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In this paper, we describe an interactive Chinese to English retrieval system that takes in Chinese queries and retrieves relevant documents in Chinese and English from document collections of both languages. We first describe the components for Chinese language processing and for Chinese-to-English query translation. Then we present the complete interactive system, through which a user is able to select and edit query terms manually in both Chinese and English, review the retrieval results in different presentation modes, and conduct retrieval using enhanced queries based on relevant documents or document clusters in either language. The system integrates CLARIT advanced technologies of natural language processing and information management, and is intended as a prototype and evaluation environment for identifying effective strategies to facilitate users with different levels of language proficiency in retrieving relevant documents from multilingual data collections.
In this paper, we identify factors that affect machine translation (MT) of a source query for cross-language information retrieval (CLIR) and empirically evaluate the effect of pseudo relevance feedback on cross-language retrieval performance. Our experiments demonstrate that, by using pseudo relevance feedback, we can significantly improve cross-language retrieval performance and achieve the level of monolingual retrieval.
In the TREC-8 cross-language information retrieval (CLIR) track, we adopted the approach of using machine translation to prepare a source-language query for use in a target-language retrieval task. We empirically evaluated (1) the effect of pseudo relevance feedback on retrieval performance with two feedback vector length control methods in CLIR, and (2) the effect of multilingual data merging either before or after retrieval. Our experiments show that, in general, pseudo relevance feedback significantly improves cross-language retrieval performance, and that post-retrieval merging of retrieval results can outperform pre-retrieval merging of multilingual data collections.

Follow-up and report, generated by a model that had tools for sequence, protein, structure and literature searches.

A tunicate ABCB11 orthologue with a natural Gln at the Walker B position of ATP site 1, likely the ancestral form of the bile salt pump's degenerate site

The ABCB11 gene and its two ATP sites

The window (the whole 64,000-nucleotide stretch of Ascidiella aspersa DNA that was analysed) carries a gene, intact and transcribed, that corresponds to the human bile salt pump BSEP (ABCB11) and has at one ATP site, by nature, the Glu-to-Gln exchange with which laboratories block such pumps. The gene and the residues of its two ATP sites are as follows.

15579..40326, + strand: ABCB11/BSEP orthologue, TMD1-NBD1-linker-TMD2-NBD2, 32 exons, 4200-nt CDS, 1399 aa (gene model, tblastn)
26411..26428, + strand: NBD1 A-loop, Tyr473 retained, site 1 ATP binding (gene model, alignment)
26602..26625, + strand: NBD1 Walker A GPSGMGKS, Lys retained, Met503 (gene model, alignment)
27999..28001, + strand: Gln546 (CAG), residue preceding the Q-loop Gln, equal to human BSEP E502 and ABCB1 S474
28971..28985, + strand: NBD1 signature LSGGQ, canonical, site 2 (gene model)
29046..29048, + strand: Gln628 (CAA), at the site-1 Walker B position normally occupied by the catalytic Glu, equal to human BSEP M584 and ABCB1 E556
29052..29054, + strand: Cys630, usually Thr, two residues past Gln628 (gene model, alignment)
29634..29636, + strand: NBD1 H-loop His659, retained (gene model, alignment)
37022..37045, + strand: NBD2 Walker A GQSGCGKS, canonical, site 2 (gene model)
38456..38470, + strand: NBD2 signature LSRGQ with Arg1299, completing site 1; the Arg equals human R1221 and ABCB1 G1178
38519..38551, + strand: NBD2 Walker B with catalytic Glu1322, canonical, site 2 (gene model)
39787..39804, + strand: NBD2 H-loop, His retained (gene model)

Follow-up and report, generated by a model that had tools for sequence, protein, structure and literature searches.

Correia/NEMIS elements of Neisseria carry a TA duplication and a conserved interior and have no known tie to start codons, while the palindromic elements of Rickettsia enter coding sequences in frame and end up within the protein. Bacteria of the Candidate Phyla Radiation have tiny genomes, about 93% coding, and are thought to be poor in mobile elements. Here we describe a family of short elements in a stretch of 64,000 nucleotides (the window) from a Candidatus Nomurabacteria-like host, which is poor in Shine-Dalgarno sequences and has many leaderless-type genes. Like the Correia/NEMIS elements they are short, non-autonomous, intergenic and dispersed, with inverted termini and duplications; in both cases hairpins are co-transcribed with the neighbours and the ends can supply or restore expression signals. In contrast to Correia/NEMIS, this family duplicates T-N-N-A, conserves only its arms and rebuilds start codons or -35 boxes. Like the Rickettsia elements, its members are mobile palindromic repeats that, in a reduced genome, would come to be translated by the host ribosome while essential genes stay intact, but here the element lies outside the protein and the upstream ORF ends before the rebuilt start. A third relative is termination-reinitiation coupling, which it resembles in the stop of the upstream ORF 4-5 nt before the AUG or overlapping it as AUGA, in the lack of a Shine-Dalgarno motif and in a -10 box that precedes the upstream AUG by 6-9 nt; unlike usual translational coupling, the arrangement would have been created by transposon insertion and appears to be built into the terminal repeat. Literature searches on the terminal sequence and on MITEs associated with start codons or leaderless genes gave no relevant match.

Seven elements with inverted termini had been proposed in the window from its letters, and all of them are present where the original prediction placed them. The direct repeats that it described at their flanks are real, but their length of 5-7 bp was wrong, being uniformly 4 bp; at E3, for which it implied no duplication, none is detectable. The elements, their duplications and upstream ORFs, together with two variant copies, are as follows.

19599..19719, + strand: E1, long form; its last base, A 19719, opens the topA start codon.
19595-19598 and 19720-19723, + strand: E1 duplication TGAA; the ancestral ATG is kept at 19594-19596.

This paper presents a constraint-based model for cooperative response generation for information systems dialogues, with an emphasis on detecting and resolving situations in which the user's information needs have been over-constrained. Our model integrates and extends the AI techniques of constraint satisfaction, solution synthesis and constraint hierarchy to provide an incremental computational mechanism for constructing and maintaining partial parallel solutions. Such a mechanism supports immediate detection of over-constrained situations. In addition, we explore using the knowledge in the solution synthesis network to support different relaxation strategies.
The ability for a system to recognize when to take initiative and when to let the other party take the initiative is essential to the design of an effective human-computer dialogue system. However, there are not yet general guidelines on where a system should place the turn transition relevance points (TRPs). In this paper, we report some observations on the relationship between TRPs and the amount of information presented in human dialogues and in existing dialogue systems. The feasibility of planning TRPs based on the measure of information is investigated in a user study. Preliminary results of the user study are discussed.
Cumulative error limits the usefulness of context in applications utilizing contextual information. It is especially a problem in spontaneous speech systems where unexpected input, out-of-domain utterances and missing information are hard to fit into the standard structure of the contextual model. In this paper we discuss how our approaches to recognizing speech acts address the problem of cumulative error. We demonstrate the advantage of the proposed approaches over those that do not address the problem of cumulative error. The experiments are conducted in the context of Enthusiast, a large Spanish-to-English speech-to-speech translation system in the appointment scheduling domain.
In this paper we discuss how we apply discourse predictions along with non context-based predictions to the problem of parse disambiguation in Enthusiast, a Spanish-to-English translation system. We discuss extensions to our plan-based discourse processor in order to make this possible. We evaluate those extensions and demonstrate the advantage of exploiting context-based predictions over a purely non context-based approach.